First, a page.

November 10, 2016 12:00am
IT seems hard to believe that our slightly stout, middle-aged kelpie was once a sleek, wriggling puppy full of energy and boundless optimism.
The optimism faded slightly over time as he realised he’s not included in every outing. He visibly braces for disappointment during summer when the beach-going energy of his human pack excludes dogs in response to by-laws.
What hasn’t changed is the intense desire to please and the ever-willing work ethic so typical of his breed.
These traits have invited unwanted attention at times, most memorably from a small white dog who was determined to have an inappropriate relationship with our puppy’s face on his first beach visit.
Seeing the two-month old kelpie locked into this affronting embrace, I earned the ire of the owner by pushing the older dog away and admonishing it. I was snappily told, “It’s natural, you know.”
A few months later, a family member’s mature labrador tried to assert itself over our puppy in a more traditional doggy style in my sister’s lounge room at Christmas. When the kelpie’s terror evidenced itself with a diarrhoea delivery on the beige carpet, for some reason the lab was defended and our puppy was deemed rather pathetic by the extended family.
Given that neither humping dogs nor diarrhoea are suitable lunch table conversation, not much was said at the time. Family Christmas, say no more.
Back in our own lounge room we discussed the difference between natural and “not on” with our kids.
I’ll accept humping, biting and fighting over food can be “natural” canine behaviour, just as shouting, sulking and hitting are all natural human behaviour. Natural behaviour for wild dogs also includes hunting in packs and dragging down small creatures for dinner.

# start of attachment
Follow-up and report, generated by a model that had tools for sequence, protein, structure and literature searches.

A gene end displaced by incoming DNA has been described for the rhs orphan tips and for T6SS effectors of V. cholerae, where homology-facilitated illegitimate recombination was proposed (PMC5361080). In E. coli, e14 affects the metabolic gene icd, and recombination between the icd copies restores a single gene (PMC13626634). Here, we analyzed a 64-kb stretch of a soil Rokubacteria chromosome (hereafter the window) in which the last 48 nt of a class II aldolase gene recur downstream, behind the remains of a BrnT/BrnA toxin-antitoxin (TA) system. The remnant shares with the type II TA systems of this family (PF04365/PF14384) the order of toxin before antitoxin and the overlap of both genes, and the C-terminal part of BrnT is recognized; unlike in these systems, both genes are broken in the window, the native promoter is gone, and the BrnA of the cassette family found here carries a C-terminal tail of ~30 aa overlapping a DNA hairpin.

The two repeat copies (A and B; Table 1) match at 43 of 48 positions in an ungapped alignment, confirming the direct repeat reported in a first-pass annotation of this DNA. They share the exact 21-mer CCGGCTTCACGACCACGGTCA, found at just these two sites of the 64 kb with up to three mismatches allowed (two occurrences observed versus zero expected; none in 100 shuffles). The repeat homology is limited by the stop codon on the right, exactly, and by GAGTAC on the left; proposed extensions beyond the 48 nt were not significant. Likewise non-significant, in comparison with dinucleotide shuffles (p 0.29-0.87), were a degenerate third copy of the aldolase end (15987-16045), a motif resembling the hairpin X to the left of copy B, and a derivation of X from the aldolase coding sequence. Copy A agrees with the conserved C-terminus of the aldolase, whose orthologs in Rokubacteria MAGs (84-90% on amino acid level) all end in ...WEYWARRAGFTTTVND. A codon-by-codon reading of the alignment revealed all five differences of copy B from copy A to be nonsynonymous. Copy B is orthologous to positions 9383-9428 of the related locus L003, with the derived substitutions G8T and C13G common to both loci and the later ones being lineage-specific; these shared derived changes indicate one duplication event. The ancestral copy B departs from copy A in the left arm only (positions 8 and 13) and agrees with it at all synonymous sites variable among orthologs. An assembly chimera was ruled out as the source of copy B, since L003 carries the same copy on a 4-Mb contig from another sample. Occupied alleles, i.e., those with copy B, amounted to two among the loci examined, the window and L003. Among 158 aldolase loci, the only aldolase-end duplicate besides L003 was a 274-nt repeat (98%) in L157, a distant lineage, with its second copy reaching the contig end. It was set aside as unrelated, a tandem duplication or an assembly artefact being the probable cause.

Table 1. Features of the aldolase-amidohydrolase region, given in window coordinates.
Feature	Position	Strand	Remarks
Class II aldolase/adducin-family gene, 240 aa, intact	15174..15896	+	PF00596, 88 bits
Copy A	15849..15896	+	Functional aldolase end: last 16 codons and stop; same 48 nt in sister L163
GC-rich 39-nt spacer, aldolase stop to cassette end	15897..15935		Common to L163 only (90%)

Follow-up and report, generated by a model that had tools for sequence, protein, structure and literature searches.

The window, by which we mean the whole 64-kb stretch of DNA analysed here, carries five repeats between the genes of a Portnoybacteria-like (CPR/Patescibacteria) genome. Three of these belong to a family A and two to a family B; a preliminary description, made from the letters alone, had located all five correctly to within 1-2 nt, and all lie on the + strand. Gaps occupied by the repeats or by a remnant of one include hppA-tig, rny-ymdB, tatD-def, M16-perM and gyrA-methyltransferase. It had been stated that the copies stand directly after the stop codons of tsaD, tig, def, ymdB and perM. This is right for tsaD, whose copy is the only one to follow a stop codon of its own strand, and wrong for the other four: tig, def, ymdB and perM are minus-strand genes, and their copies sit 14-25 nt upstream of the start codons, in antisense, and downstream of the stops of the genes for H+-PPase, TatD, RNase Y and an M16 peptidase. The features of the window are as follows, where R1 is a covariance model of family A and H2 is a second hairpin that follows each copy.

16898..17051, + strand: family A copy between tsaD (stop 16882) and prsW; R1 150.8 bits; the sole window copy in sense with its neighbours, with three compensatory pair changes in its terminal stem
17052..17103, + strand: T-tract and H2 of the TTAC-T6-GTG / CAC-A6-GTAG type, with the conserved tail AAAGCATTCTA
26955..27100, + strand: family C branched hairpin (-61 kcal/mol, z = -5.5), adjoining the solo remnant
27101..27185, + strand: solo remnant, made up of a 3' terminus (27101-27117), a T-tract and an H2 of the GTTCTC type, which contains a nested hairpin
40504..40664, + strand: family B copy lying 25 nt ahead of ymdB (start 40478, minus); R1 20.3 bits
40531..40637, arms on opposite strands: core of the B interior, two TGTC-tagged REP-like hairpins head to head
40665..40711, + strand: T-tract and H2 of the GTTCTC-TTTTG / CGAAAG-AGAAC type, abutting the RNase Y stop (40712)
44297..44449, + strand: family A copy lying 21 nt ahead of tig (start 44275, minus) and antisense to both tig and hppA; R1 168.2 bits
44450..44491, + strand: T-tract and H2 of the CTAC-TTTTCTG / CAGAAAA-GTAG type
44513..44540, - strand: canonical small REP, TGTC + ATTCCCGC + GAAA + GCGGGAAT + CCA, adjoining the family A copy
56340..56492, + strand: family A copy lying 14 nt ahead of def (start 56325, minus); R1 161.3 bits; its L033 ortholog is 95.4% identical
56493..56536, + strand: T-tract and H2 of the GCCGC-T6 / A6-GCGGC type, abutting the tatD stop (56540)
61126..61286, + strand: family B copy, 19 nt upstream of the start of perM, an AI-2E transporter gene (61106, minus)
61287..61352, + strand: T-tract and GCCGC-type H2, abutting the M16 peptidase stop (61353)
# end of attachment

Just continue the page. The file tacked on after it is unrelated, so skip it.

But imagine if we just let that ride. What’s natural doesn’t always apply in a suburban context.
I had assumed that dominant behaviour in dogs is unmistakeable and that most people see it for what it is. But my assumption proved to be wrong.
We may think it’s similarly obvious that some human activities are acceptable and others not. Our social contract determines what are bad manners or unsuitable acts; our law and order system sanctions those who push things too far.
But not everyone understands, or sees, aggression and dominance the same way. Consider the US election discussions and the Australian rates of domestic violence. We actually struggle with a universal understanding of addressing inappropriate or unwelcome behaviour.
We are falling at the first hurdle — identifying aggressive behaviour, naming it and calling it out when it happens.
Parenting taught me that you can’t manage dominant behaviour by using dominant behaviour. Not only does it feel morally wrong and so incredibly uncomfortable, it actually doesn’t work.
And when our family invested in puppy training we quickly realised the training was for us, not the dog. We learned that the words “good dog” are virtually all that’s needed. Yes, poor behaviour is acknowledged — and the kelpie knows full well when he’s crossed the line — but positivity is a better teacher.
In dogs, using aggression to get a result is anxiety-based behaviour. Responding with dominance exacerbates the situation. Understanding the insecurity, acknowledging it but looking to reward positive effort is far more powerful.
In humans, it seems we definitely need the naming, but perhaps less blaming and shaming.
Stephanie Asher is a professional consultant, writer and speaker.